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Migrant caravan grows as it crosses southern Mexico

VILLA COMALTITLAN, Mexico (AP) – A growing caravan of migrants filled the square in this Chiapas state town on Wednesday afternoon after covering an additional 13 miles of its trek through southern Mexico.

About 2,000 migrants left the southern town of Tapachula, near the Guatemalan border, on Saturday. Although the multitude is difficult to count, it appeared noticeably larger when it left Huixtla after a day of rest and its leaders estimated its size at 4,000. It reached the town of Villa Comaltitlan on Wednesday.

“The caravan is like a magnet, it will suck people in, migrants who were in the cities (of coastal Chiapas) join,” said Irineo Mújica, an immigration activist with the organization People without Borders.

One of them was Bayron Zavala, a Nicaraguan migrant, who, hearing that the caravan was moving slowly, got on a bicycle and caught up with them in Huixtla. He said he would walk with them “as far as God gives us the strength … if possible, continue to the United States.”

Without any problem, the migrants passed a customs, immigration and military checkpoint where authorities usually seize drugs and search for smugglers.

Although it is still significantly smaller than the trailers in 2018 and 2019, it is the largest group moving in southern Mexico since the start of the pandemic early last year. In January, a caravan left Honduras, but Guatemalan authorities dispersed it.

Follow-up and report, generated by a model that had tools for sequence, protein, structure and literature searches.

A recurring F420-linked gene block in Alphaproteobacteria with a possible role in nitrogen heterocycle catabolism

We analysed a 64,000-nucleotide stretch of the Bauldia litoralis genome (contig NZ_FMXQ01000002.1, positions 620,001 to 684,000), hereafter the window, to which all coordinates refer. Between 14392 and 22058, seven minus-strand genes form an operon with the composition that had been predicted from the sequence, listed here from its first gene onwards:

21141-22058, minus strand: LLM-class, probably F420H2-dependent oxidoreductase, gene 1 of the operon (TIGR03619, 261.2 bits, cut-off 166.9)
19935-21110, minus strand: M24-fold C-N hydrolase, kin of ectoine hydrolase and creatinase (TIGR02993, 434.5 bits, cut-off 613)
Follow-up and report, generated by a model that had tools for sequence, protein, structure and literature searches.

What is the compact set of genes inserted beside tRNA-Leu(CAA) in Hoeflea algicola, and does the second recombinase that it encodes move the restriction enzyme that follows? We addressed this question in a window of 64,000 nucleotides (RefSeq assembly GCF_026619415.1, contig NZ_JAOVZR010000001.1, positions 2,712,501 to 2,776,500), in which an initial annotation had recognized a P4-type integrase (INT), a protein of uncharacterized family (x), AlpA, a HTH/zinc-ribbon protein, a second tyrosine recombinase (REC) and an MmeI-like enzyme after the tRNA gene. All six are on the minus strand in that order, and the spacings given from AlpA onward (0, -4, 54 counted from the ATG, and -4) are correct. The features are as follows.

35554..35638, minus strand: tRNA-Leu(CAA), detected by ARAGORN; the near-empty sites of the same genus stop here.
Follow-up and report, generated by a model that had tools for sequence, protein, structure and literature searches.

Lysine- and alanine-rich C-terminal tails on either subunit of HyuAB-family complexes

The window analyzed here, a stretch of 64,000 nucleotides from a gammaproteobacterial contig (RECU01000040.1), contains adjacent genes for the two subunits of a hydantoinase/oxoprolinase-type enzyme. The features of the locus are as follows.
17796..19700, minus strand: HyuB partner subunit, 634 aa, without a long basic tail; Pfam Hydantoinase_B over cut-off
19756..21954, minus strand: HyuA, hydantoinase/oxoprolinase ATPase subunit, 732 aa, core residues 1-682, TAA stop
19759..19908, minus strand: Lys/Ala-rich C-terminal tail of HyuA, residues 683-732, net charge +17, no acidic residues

Other groups that left Tapachula this year number in the hundreds. All were dissolved by Mexican authorities, sometimes with excessive force. These groups were mainly composed of Haitian migrants. This caravan is mainly made up of Central Americans.

The National Guard has not attempted to intervene since it tried to detain the Tapachula migrants on Saturday. There were clashes and a child was injured.

Foreign Secretary Marcelo Ebrard said on Monday that the government would act “cautiously”, respecting the law and respecting human rights.

Mexico has deployed thousands of soldiers, police and immigration officials to the south, and in recent years no significant group has emerged from states bordering Guatemala.

Even so, entire families keep trying. Cristina Romero wants to travel to the United States for treatment for her 12-year-old son who is suffering from developmental delay.

Romero had applied for asylum in Mexico, but after four months of waiting, the answer came back negative. “They told me I could appeal the case, but it might come out the same way,” she said. “Then I heard about this trailer and I was ready to come. “

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